Young people often find it hard to communicate with their parents after separation. Afraid of split loyalties and causing further conflict, they learn to tell parents what parents want to hear. Consulting Children gives them an independent voice.
We help them to …
The Children (Scotland) Act 1995 gives children the right to have their views considered in decisions about their families and outlines their right to be consulted about their wishes.
Young people tell us being heard independently is what really matters. The Consulting Children service gives them:
Both parents meet with the mediator separately. Young people attend three sessions to help them explore their thoughts, feelings and views and decide what they want to feedback.
The feedback can be done in a number of ways:
To find out more about Consulting Children
Hi, I'm Megan and I want to tell you what happened when my parents divorced. I'm 12 now and they separated when I was 10. It was a big shock when they told me about splitting up and I was really upset. They said they were sad too, they would still love me and I would take turns to live with each of them and it would be okay.
It was okay for a while, but they started arguing about money and buying new flats. I didn't know what to do so I just pretended I was fine, but I worried all the time that we were going to be poor and homeless.
They were saying bad things about each other. It made me feel sad and scared and I started getting stomach aches. It got worse when Dad started to go out with Jenny and Mum found out and got very angry. They stopped speaking about anything and made me pass notes to each other.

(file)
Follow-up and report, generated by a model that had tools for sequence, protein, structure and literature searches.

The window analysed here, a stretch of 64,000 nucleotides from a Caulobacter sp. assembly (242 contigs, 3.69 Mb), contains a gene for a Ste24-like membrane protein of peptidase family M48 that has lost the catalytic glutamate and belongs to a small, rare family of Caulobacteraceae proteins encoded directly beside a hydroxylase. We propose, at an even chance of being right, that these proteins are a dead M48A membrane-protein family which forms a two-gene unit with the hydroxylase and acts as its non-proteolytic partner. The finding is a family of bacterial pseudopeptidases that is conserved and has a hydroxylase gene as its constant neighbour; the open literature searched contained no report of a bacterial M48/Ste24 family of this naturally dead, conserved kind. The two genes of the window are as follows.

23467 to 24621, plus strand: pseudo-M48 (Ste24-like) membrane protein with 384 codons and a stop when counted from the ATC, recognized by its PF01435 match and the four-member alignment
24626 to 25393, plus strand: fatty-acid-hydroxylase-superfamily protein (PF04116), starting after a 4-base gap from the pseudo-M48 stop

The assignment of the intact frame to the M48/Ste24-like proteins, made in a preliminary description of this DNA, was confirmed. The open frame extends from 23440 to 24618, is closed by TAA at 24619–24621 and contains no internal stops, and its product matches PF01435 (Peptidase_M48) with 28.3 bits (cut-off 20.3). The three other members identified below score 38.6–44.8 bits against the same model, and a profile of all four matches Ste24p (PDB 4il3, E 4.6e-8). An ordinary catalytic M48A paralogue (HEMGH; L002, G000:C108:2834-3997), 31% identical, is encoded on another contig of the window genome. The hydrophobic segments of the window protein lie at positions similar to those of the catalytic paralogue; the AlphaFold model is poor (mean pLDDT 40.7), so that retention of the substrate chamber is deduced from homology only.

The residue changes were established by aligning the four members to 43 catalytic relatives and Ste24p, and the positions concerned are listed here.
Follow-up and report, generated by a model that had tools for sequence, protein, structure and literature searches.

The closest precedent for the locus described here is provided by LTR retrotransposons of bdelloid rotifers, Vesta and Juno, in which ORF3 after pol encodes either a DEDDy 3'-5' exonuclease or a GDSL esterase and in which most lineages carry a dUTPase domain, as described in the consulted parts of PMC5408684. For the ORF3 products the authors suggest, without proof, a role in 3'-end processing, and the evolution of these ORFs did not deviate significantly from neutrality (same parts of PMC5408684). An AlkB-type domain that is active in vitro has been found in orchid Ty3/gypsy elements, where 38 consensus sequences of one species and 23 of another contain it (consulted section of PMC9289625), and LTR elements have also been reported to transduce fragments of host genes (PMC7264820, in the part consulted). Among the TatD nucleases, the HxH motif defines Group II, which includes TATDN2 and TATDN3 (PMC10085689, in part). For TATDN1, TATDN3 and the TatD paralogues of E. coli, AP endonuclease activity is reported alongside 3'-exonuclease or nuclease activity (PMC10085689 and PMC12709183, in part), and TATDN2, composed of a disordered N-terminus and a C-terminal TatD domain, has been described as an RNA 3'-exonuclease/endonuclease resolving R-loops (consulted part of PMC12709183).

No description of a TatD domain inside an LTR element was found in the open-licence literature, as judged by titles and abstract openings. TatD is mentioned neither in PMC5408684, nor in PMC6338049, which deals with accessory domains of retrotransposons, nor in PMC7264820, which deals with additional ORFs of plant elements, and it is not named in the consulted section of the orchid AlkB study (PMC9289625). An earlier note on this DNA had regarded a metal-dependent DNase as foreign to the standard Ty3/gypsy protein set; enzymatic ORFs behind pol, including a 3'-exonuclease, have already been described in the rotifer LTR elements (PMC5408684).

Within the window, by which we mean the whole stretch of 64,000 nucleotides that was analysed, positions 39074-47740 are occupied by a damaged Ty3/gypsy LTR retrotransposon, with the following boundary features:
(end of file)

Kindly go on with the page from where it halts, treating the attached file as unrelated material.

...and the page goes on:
It got so hard that I worried all the time and couldn’t sleep. One day at school I fell asleep in class, and when the teacher asked me what was wrong, I burst into tears. The Head Teacher called my Mum and talked to her about parents splitting up and how hard it is for kids. She sent my Mum and Dad a letter telling them to go to something called mediation.
They came home from their meeting and told me I could go there too. I could talk to someone who would help me tell Mum and Dad how I was really feeling and what they could do to make it easier for me. The lady I talked to was really nice and knew a lot about kids and their families. She really listened to what I was saying, and when I was ready, helped me write what I wanted my parents to know.
They all had a meeting and talked about how they could change some things. Mum cried when she got home and told me how well I’d done at being so honest. My parents talk to each other more now, I don't have to carry messages and they both try not to say bad things about each other. Mum still doesn't really like Jenny, but she doesn't mind if I do.